In their two-person show, Ground Work, painters Bryce Anderson and Clay Mahn explore the practice of image-making and the objecthood of painting. Anderson's paintings seek to uncover the potential of images and authorship by utilizing found photographs, while Mahn creates paintings that center on materiality and process, excavating and burnishing layers of paint and powdered marble with a focus on subtraction rather than addition.
Inspired by his previous sculptural works made of cast concrete, Mahn translates the roughness and bulk of those three-dimensional forms into two-dimensional symbols that cascade across the canvas in varying states of dissolution. Like well-weathered parquet floors, individual patterns advance and recede into the painting’s patina, refusing the satisfaction of pattern recognition. Mahn focuses our attention on the painting's surface, which he manipulates into matte and gloss finishes with chalk and buffed wax, the materials telling their story in a physical and tactile way that defies the illusionistic premise of painting.
Anderson’s work depicts foreign yet familiar landscapes that are bisected by a color-blocked margin divides and obfuscates the composition. Acting as a chromatic cipher, these boundaries function as a self-reflexive reminder of the objecthood of both the source material and the painting itself. Anderson teases out elements of abstraction through figuration, and by mining the escapism of found imagery. Without a known source, the universality of these images allows the viewer to position themselves in relation to the landscape with a sense of belonging.
In Ground Work, both Anderson and Mahn investigate the idea of a painting’s ground as a conceptual tool. Mahn’s work is concerned with painting’s materiality, surface and ground. His mark making is leveled through the laminated facade of his paintings that unifies a history of addition and subtraction. Anderson’s work carefully considers the artifact of photography as a framing device, his compositions focusing on the literal landscape ground to unearth stories that speak to popular culture, art history, and personal narratives. Ground Work speaks to the enduring legacy of painting as a framework for ideas, exploration and form.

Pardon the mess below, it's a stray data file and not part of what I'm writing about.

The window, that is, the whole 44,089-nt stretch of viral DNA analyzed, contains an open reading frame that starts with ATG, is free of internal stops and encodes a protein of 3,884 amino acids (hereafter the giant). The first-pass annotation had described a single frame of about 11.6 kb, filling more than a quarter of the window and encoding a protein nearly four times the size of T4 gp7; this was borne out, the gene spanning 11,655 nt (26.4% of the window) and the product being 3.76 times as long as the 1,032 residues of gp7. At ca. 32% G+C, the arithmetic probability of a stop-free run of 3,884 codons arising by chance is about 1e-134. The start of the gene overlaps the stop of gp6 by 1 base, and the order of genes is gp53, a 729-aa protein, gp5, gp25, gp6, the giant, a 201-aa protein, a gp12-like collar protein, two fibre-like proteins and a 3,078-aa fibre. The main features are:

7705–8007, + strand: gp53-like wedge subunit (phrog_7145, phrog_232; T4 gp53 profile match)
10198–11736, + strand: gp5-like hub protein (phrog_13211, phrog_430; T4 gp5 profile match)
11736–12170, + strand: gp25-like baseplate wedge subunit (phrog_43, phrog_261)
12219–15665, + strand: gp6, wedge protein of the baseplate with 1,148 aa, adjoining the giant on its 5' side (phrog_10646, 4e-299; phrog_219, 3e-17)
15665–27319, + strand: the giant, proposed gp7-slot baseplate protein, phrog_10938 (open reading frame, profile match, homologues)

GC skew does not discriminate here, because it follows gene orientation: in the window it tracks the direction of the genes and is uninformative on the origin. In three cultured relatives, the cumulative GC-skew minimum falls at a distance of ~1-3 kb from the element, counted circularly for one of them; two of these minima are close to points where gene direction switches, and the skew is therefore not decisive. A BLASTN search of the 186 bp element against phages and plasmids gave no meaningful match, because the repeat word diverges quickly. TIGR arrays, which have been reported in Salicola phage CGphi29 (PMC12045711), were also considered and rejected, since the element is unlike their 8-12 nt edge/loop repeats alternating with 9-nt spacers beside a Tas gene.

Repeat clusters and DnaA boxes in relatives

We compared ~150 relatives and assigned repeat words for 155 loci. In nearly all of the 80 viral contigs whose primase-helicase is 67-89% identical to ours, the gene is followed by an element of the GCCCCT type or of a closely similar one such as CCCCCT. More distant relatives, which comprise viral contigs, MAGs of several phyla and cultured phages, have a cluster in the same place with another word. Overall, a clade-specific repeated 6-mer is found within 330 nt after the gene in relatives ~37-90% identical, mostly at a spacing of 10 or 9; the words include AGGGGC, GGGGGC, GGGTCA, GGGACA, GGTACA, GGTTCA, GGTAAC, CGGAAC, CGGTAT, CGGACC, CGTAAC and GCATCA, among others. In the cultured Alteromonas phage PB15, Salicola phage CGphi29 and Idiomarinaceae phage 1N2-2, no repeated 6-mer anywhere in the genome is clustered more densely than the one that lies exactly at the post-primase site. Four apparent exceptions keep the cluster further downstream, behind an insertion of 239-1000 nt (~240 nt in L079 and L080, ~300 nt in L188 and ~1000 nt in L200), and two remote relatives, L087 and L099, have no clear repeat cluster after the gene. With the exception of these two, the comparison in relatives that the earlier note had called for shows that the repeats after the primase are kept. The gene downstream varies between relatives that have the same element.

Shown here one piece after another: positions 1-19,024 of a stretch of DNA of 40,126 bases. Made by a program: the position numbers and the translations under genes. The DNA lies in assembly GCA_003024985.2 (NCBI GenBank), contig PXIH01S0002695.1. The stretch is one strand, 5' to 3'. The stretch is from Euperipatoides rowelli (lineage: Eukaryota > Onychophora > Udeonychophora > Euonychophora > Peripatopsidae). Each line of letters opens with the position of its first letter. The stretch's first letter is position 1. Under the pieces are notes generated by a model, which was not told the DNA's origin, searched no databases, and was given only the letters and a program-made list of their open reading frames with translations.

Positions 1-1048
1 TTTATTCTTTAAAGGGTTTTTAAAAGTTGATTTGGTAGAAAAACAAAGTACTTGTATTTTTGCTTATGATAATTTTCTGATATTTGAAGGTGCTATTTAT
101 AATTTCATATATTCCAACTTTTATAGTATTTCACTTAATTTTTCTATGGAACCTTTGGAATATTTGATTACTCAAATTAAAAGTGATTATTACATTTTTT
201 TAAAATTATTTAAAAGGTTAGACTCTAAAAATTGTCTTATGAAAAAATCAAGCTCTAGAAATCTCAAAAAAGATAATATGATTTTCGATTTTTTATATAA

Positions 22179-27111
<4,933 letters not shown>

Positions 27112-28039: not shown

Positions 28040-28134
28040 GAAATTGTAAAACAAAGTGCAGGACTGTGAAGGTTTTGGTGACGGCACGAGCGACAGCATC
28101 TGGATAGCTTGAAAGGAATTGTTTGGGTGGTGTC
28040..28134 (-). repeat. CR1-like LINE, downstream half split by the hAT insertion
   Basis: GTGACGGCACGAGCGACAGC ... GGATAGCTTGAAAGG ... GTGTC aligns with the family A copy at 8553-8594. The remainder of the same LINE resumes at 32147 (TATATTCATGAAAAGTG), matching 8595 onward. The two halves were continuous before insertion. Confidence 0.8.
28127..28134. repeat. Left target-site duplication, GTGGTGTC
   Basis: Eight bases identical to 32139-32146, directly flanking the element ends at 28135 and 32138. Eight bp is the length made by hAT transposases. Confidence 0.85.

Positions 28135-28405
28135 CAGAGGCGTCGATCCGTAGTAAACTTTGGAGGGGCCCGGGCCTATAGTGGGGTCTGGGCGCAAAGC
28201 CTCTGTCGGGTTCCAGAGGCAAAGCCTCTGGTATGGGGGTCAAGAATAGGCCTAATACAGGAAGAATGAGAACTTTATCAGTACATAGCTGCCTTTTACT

- Bryce AndersonVictoria, AustraliaArtist Page
Bryce Anderson’s practice explores the potential of images, using print, collage and painting to re-situate found material into new constellations. Anderson’s work appropriates images drawn from popular culture and art historical references to explore notions of authorship, chance, reproduction and the still life motif. By using this broad visual language, Anderson aims to push against the traditional divergence between figuration and abstraction, and understand what significance the act of painting still holds within contemporary art.
- Clay MahnMissoula, MTArtist Page
Clay Mahn’s (b.1988) painting process is characterized by his use of subtraction rather than addition. By layering paint and subsequently sanding portions of each layer off, his work unearths and reveals forms which seem to already exist. Playfully engaging with elements of language, repetition, and motifs, Mahn’s paintings are deliberately composed while remaining organic. Mahn has exhibited internationally and holds an MFA from the School of the Art Institute of Chicago. He lives and works in Missoula, Montana.